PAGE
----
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A Flight of Dragons

13 Jul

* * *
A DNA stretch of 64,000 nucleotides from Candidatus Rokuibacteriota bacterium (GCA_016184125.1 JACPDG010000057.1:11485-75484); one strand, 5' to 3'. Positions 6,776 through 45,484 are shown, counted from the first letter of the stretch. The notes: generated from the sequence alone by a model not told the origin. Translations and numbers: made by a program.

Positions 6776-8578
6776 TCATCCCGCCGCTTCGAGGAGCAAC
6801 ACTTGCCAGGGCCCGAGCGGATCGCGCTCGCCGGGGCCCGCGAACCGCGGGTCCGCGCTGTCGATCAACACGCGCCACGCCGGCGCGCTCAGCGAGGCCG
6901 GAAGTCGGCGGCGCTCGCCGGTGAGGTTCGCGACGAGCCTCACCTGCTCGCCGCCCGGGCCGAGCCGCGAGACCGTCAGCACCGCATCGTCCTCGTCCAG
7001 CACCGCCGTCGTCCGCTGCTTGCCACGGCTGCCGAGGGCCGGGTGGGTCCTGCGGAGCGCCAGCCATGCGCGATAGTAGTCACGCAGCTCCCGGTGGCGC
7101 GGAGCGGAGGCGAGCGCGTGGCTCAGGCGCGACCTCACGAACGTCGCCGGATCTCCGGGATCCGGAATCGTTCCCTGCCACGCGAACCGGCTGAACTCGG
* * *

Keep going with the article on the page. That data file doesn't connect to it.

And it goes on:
Fantasy lost one of its leading lights with the death last year of Anne McCaffrey. Over the course of her 46 year career she won both the Hugo and  Nebula Awards, her book The White Dragon became one of the first science fiction novels ever to land on the New York Times Best Seller List and she was inducted into the Science Fiction Hall of Fame in 2006. To readers all over the world, however, her greatest achievement remains the creation of one of the most beloved sci-fi/fantasy series of all time, The Dragonriders of Pern. As of June 2011 the series comprises 22 novels and several short stories, although it is by no means over in spite of McCaffrey’s death. Beginning in 2003, her son Todd has also written Pern novels, both solo and jointly with Anne, and aims to continue to do so. Two of the novellas included in the first novel, Dragonflight, made McCaffrey the first woman to win either a Hugo or Nebula Award. Original, inspirational and universal in its appeal, the Pern series has itself straddled boundaries that have not conventionally been crossed and broken all sorts of new ground in fiction. Pern is one of those rare fantasy worlds which almost seems to have a life of its own outside the novels – it has inspired board and computer games, music, art and graphic novels as well as, perhaps inevitably, constant rumours of a Pern film or television series. Let’s take a look at what made McCaffrey such a popular author and her world of Pern, its dragons and their riders such enduring creations.